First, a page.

We tried to be quiet around the nest during the climb, for young owls frequently leave the nest on the slightest excuse at this age. Sure enough, when I was about 20 feet below the nest, one owl stepped to the edge, spread his wings and took his first jump into space.
The first flight is usually a long glide and the bird is unable to gain altitude. This young one was pretty strong and his wings were well developed. Consequently his glide was long and flat. Church went scrambling off through the woods behind the owl as I kept my eye on its path of flight. He found it perched uneasily in a small Hawthorne tree and brought it back to my pack basket at the base of the nesting tree.
To band the second one, I started up the tree again. My climb was continued as quietly as possible, but just as I tied myself in below the nest, the other one jumped out. Being younger, his wings were not as well able to support him and he took a rather steep glide to the leaf covered floor of the forest below.
He was easy to capture. Both owls were hauled up in the pack basket and I tied it to a branch. The youngsters were banded right in the basket. The first leg band was easy to put on, but the turmoil in the basket with two squirming full-grown owls that didn't want to be banded made the placing of the second band a bit more difficult. I wanted to be sure that the second leg that received a band was attached to the other owl!
Next I had to put the young in the nest and get to the ground without having them jump out again. Arranging one owl in each hand, I raised them above my head and placed them in the nest. They were held there with one hand over each one to keep them quiet. I was hidden below the nest (it's three feet across) so they couldn't see me as I slowly withdrew my hands.
They did not move so I climbed down quietly without shaking the tree. On the ground we quickly gathered all the equipment and moved off 100 yards where I removed the safety belt and spikes and packed all the equipment in the basket.
The young owls soon stood up to watch us, but showed no inclination to take to the air again--at least not that day. These were the last of ten owls that were banded that season. Some years later Church took up the banding of owls himself.
The first year for these owls is a dangerous time and most of those that I banded in the past were recovered in their first year. within 10 miles of the nest .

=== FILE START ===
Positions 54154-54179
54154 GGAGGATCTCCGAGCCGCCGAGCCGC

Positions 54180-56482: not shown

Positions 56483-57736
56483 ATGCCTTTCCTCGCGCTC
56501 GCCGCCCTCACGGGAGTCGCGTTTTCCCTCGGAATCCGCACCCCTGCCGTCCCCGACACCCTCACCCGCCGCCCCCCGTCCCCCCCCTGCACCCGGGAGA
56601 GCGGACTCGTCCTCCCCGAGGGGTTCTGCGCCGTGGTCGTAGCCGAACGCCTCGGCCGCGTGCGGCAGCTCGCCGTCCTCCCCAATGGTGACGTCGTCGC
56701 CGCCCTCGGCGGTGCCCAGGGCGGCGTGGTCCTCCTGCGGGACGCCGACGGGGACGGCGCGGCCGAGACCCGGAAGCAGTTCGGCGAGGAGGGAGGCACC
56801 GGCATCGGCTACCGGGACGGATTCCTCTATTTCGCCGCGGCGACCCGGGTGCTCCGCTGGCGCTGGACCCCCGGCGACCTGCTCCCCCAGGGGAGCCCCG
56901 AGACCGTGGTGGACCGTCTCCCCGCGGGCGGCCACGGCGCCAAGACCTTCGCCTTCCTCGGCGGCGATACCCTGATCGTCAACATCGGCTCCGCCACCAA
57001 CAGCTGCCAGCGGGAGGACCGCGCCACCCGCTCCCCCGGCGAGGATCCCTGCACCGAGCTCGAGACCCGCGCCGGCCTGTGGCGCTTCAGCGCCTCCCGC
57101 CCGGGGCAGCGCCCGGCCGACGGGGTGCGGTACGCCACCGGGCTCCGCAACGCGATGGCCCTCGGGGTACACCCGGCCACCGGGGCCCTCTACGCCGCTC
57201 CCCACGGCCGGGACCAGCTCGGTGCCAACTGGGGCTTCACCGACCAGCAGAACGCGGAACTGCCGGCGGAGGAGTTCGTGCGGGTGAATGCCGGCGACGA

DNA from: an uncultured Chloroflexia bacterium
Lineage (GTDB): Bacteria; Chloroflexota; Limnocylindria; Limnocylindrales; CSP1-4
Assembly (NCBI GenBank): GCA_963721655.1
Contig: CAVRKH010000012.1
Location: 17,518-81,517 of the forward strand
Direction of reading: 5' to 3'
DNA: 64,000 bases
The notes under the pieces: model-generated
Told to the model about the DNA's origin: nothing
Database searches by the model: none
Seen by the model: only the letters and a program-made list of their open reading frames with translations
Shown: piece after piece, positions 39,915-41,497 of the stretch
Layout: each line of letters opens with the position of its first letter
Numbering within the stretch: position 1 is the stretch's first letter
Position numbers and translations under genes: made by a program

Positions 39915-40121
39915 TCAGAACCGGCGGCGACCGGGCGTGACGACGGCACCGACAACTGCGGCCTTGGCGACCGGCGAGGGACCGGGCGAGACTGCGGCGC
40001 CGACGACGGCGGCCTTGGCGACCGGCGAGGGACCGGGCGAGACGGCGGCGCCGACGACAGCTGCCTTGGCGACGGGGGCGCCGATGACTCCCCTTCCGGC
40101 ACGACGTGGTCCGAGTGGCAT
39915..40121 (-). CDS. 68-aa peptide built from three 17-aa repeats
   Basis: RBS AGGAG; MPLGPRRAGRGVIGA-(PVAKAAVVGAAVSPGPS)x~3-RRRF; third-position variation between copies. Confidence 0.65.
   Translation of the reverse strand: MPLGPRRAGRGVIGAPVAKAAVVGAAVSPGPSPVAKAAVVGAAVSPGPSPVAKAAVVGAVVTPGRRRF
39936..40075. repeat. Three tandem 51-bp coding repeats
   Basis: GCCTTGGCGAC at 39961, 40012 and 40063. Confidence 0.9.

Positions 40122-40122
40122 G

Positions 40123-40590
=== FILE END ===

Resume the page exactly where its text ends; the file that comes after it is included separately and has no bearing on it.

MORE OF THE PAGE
However, one of the three owls we banded that day (4/25/68) lived a very long time in the wild. When it was 19 years and 4 months old it was killed by a car one night as it flew low over a road near Morrisville. It was carrying a frog it had just captured! It was only a few miles from where it had been banded. At that time it was the oldest great horned owl in the banding records. Today, the record for a great horned owl banded as a nestling is a bit over 22 years.
More about the nests of the horned owlWhen it does find a place, it does very little to it. The adults will add a few feathers or grasses, but generally, they do nothing more to the nest than to make a slight hollow in the material there.
These old nests are often too small and in such poor shape that a young owl may fall out before it can fly. The edges may be made of soft vegetation and weak or rounded. If a young one gets too near the edge it will give way and the nestling crashes to the ground.
An owl nesting box
The great horned owl will nest in a man-made nesting box if it is constructed to the proper dimensions. Such a box is open at the top and would better be named a nesting platform.
For 12 years a great horned owl used a nesting platform in a tree back of my house. As shown, it is made from 2-by-4s and filled with straw, bark, sticks and hemlock boughs.
It is about two feet square with sides about 8 inches high made from two rectangles of 2-by-4s. The floor of the box is ½ inch plywood that is nailed on opposite sides to the under edge of the 2-by-4s. The sides of the floor reach to within 1/4 inch of the other two sides. This space prevents the nest box from collecting rain water.
This tray-like box should be mounted from 20 to 40 feet up in a tree. It is filled with straw, sticks arranged in a circle and hemlock boughs to resemble a red-tailed hawk nest.
Insulation from the cold
These materials in the box provide some protection for the eggs and insulation from the cold. The materials used in a real hawk nest may be piled some 12 to 14 inches deep in the crotch of a large tree. These materials provide a great deal of insulation below the eggs.
Since my nesting platform was not that deep, special attention had to be paid to construct it so that the eggs laid in it would not lose heat through the bottom. The first model I designed was not well insulated and the owls that used it lost the eggs when the temperature was below zero for a few days.
After that experience I laid a 2 inch thick square of Styrofoam on the floor with a square of plywood on top of it. It somewhat resembled a sandwich with the Styrofoam between the wooden floor and the square of plywood laying on top of the foam. The nesting materials were then laid on the top piece of wood.
This nest is sturdy, for the four sides are made of 2x4s and a young owl can walk right to the edge with no danger of that side collapsing. Thus, the owls can remain in the nest until they are ready to fly. Such a nest in many cases is better than the old nests they sometimes have to use.
I had this platform in place for about 12 years and the owls used it 9 of those years. It was mounted in a tree on the edge of the woods about 500 feet behind the house. During the nesting season I watched the activity at the nest through a telescope that was placed just inside the big window that faced the nest.
Raccoons are attracted by owl eggs and I had to wrap the tree trunk with aluminum flashing after a loss of all the eggs one year.